The biggest flaw I see in the tree lighting event is the cost: the tree, shipped from Shoals (where the White House also buys its Christmas tree and is the hometown of SGA Vice President Eric Paul Hardy) cost about $2,000. A member of SGA told me the entire event, including man hours to put the tree up and dress it with who knows how many lights, brought the grand total to a little under $7,000. Number crunch: SGA's semester budget is barely over $30,000, meaning the cost of the tree lighting event is slightly less than one-quarter the entire semester budget (23% to be exact).

The student body elects SGA representatives to act on their behalf before the administration-- to be a voice among our elders. Over-spending on a pretty tree we'll enjoy for two weeks doesn't seem to be an adequate way to represent the student body. Like I said, I love the tree idea. But if it's going to be a community event, I don't see any reason why it can't be the administration's responsibility. At the very least SGA could invest in a quality artificial tree that won't have to be shipped in from Shoals (132 miles from Campbell according to Google Maps) ever year. Obviously my opinion won't move mountains (or mole hills), but if SGA has established that it will be in charge of the annual tree from now on, a sensible decision would be to get the aforementioned artificial tree, and I would have no problem with that.

Whenever citizens think the government spent money frivolously, we make a list of several hundred things the money could have been used for instead. In the case of the tree, SGA could have funneled the money toward the numerous poor families in Harnett County. I think sponsoring a family's happier-than-normal Christmas is a great way to represent the school. I doubt the student body would speak against a project like that, even if it cost $7,000.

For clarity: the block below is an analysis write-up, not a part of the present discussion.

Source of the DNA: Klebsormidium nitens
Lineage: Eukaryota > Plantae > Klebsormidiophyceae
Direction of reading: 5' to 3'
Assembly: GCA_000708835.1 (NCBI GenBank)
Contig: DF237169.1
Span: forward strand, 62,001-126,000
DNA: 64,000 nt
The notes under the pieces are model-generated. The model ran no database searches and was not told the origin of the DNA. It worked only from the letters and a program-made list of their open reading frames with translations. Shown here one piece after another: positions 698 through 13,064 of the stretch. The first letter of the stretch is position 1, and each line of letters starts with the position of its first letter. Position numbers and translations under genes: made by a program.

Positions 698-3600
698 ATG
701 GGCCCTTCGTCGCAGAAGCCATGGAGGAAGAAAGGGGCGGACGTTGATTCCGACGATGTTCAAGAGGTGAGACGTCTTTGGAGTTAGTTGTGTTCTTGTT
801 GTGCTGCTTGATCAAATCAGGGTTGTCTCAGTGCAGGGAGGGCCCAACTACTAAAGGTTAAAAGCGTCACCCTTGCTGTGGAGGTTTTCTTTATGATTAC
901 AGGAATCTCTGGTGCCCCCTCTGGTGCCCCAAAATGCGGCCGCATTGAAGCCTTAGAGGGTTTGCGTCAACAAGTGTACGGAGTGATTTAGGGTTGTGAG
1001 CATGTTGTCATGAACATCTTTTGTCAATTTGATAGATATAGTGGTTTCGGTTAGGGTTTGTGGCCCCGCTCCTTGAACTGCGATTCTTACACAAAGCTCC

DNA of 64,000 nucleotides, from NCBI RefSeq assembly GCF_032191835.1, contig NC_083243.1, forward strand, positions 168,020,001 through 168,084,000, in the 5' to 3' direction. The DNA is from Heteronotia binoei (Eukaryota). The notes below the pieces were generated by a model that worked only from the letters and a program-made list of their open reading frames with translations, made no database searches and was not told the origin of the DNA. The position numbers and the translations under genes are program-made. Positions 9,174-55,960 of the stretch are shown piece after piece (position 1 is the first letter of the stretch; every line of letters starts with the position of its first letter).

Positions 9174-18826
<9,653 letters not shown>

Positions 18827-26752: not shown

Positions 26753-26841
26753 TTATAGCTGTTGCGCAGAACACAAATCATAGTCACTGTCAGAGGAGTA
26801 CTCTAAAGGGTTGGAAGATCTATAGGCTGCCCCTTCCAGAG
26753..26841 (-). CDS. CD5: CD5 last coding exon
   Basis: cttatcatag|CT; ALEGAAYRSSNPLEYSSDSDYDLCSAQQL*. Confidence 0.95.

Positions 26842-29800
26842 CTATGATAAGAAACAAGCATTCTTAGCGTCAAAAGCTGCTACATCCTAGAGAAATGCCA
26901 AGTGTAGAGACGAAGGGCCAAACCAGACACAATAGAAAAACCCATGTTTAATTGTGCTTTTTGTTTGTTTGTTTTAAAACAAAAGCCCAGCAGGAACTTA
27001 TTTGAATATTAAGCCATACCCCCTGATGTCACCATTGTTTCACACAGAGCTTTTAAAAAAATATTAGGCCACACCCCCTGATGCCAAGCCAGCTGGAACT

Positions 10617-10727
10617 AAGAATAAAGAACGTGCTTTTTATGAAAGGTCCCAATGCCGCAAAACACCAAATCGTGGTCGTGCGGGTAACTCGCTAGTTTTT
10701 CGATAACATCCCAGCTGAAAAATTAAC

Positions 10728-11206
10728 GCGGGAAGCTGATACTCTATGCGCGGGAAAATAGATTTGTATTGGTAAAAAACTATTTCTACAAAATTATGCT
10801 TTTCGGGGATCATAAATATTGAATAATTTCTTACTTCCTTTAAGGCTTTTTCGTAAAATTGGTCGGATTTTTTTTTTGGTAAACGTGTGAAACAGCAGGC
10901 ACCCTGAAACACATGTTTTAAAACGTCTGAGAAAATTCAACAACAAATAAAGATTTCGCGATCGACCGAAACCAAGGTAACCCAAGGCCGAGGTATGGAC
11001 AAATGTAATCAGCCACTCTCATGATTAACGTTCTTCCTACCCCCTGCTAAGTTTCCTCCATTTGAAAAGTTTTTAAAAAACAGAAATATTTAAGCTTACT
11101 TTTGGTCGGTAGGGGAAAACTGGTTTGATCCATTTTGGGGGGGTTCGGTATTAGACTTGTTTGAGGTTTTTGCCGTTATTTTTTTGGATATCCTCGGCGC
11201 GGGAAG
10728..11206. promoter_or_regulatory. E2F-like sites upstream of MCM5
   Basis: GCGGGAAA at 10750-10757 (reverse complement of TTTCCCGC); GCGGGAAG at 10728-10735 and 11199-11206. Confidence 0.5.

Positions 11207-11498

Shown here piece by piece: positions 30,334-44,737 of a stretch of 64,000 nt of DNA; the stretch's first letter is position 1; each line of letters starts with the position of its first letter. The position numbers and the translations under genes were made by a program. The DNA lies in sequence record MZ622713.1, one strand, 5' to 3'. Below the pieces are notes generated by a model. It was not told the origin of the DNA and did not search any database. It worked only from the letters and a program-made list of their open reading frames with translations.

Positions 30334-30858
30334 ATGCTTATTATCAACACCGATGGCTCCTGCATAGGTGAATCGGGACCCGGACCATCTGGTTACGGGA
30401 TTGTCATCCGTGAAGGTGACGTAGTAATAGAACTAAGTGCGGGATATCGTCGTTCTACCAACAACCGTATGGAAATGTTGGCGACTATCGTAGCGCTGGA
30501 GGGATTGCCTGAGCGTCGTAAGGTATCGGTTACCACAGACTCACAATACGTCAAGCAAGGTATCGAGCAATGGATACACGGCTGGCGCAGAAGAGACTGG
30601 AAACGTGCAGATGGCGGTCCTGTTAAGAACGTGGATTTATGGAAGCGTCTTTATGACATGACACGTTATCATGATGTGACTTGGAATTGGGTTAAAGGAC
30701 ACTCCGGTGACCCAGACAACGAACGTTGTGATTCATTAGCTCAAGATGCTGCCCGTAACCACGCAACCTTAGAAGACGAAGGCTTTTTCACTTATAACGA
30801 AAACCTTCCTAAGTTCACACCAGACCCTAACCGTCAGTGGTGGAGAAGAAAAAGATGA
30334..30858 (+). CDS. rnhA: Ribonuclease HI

And so my first real post comes to a close, along with my opinion of tonight's lovely, though pricey, Christmas event. At least the shirts are cool.

Here goes nothing

This is my inaugural post as a blogger. I have no idea how many people will read this besides my mom and boyfriend, but hey-- it's worth a shot.

I created this blog for two purposes: 1. To express my opinions of the goings-on at Campbell; and 2. To hopefully offer the school's student body and organizations a unique perspective-- fresh off the mind of an actual student and former member of SGA, CAB, and the Campbell Times.

I just spent two semesters as editor-in-chief of the Campbell Times, the university's student-run biweekly newspaper. Being editor, among other things, meant keeping my opinions secret from readers in order to prevent any doubt as to the objectivity of the newspaper. Now that my time as editor has come to and end, I have returned to the life of a normal student: ranting and raving at will.

Okay, "ranting and raving" is an exaggeration. My blog will be an intelligent and eloquent expression of thought, not an illogical upchuck of anger and disdain.

Here goes nothing!